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Congressional Committee Proposes Fundraising Cost Disclosures  

The House of Representatives Oversight and Government Reform Committee held a second hearing on Jan. 17 to investigate fundraising costs by veterans charities, with several members of Congress calling for charities to disclose their fundraising costs and how much they spend on programs and services.

In December, the committee held its first hearing on the issue, using report cards by the American Institute for Philanthropy, a charity watchdog group, to criticize several veterans groups for excessive fundraising costs. However, one of the key witnesses, Roger Chapin, who has founded several veterans groups that the committee is investigating, was unable to attend the December hearing.

Chapin appeared before the committee this time, defending the work his charities have done for veterans. He argued with several members of the committee about what percentage of his organizations’ funds went to programs and how much was spent on salaries and other perks.

Also appearing at the hearing was Geoff Peters, Esq., president of CDR Fundraising Group in Bowie, Md., who offered an authoritative and detailed discussion of fundraising costs and why percentages are a simplistic and misleading indicator of charity efficiency and effectiveness.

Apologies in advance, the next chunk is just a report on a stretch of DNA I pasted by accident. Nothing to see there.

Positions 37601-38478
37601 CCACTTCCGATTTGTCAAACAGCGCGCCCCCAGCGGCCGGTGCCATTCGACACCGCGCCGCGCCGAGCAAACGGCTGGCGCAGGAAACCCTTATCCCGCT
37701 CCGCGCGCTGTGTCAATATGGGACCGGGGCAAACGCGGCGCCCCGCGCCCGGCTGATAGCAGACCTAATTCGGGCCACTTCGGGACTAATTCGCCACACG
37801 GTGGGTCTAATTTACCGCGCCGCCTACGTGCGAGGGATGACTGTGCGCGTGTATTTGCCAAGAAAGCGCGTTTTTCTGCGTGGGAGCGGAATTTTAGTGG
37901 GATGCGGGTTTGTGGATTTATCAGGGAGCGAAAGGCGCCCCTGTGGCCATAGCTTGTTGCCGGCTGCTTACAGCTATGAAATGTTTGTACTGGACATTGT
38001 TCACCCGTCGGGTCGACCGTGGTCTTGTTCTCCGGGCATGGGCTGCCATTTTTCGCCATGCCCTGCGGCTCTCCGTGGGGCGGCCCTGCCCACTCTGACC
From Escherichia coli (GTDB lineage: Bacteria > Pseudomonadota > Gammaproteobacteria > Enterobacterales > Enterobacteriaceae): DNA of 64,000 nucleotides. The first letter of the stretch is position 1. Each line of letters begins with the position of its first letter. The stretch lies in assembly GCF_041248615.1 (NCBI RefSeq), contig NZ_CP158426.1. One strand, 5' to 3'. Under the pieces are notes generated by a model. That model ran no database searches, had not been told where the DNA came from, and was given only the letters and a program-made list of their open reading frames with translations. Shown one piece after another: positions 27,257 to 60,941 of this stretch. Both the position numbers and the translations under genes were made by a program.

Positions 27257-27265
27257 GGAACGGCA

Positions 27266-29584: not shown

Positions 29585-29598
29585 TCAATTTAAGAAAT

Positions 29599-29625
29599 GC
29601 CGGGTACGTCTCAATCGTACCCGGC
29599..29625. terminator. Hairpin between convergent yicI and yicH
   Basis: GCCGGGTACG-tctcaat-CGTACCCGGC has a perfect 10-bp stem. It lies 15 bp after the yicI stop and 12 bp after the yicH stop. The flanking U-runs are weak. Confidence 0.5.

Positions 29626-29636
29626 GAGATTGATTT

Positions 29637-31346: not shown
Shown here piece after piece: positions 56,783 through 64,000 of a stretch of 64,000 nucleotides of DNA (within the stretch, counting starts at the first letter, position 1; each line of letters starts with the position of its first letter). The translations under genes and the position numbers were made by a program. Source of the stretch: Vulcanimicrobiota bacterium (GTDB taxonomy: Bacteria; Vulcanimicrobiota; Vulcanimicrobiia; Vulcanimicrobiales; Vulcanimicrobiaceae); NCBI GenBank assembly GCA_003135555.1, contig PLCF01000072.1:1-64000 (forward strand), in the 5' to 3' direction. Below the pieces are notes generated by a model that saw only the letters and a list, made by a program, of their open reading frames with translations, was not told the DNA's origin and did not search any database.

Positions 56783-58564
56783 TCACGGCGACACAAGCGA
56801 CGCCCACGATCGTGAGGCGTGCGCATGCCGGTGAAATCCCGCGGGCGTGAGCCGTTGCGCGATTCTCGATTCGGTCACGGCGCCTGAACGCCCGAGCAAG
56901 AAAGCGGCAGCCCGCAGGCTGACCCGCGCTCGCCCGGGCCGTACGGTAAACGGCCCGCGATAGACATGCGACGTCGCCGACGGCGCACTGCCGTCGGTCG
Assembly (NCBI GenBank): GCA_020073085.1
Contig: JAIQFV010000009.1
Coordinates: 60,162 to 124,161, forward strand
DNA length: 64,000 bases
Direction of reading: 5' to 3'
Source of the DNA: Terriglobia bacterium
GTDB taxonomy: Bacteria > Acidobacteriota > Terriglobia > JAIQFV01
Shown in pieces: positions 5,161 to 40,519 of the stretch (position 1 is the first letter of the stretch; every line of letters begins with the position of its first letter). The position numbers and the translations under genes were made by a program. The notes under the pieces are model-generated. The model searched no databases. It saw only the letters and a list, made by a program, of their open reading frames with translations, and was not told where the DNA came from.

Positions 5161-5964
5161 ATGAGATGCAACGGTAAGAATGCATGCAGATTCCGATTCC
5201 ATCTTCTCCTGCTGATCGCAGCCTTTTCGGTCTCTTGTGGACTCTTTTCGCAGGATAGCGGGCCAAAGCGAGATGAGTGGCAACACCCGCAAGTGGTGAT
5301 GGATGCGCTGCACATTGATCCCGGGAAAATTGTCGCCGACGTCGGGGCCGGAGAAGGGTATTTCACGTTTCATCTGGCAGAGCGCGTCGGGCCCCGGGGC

Disclosure of Costs?

During the testimony, several members of the committee proposed that charities be required to disclose on all communications with the public what percentage of funds raised is used on programs and services. However, such a requirement would not pass constitutional muster because the Supreme Court has ruled several times over the past two decades that charities do not have to disclose such percentages unless asked.

Rep. Henry Waxman (D-Calif.), chair of the committee, also suggested that Congress might consider eliminating the reduced postage rates that nonprofits enjoy unless they disclose the percentage they spend on programs and services.

With two hearings in just over a month on the issue of fundraising costs, it is quite possible that Rep. Waxman and other members of the committee may introduce legislation regarding some aspect of disclosure. AFP continues to reach out to members and staff on the committee to educate them about fundraising costs and best ways to prevent fraud and abuse.

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Barely Half of All Charities Require Board Member Contributions  

A new survey by accounting firm Grant Thornton LLP reveals that just slightly more than half of charities require their board members to make financial contributions to their organizations.

In the past, many charities have employed a “give or get” policy where board members are required either to contribute to the organization or to solicit contributions from friends, colleagues and other contacts. However, the survey, the fifth annual National Board Governance Survey for Not-for-Profit Organizations, shows that requiring board members to personally give is slowly becoming the norm.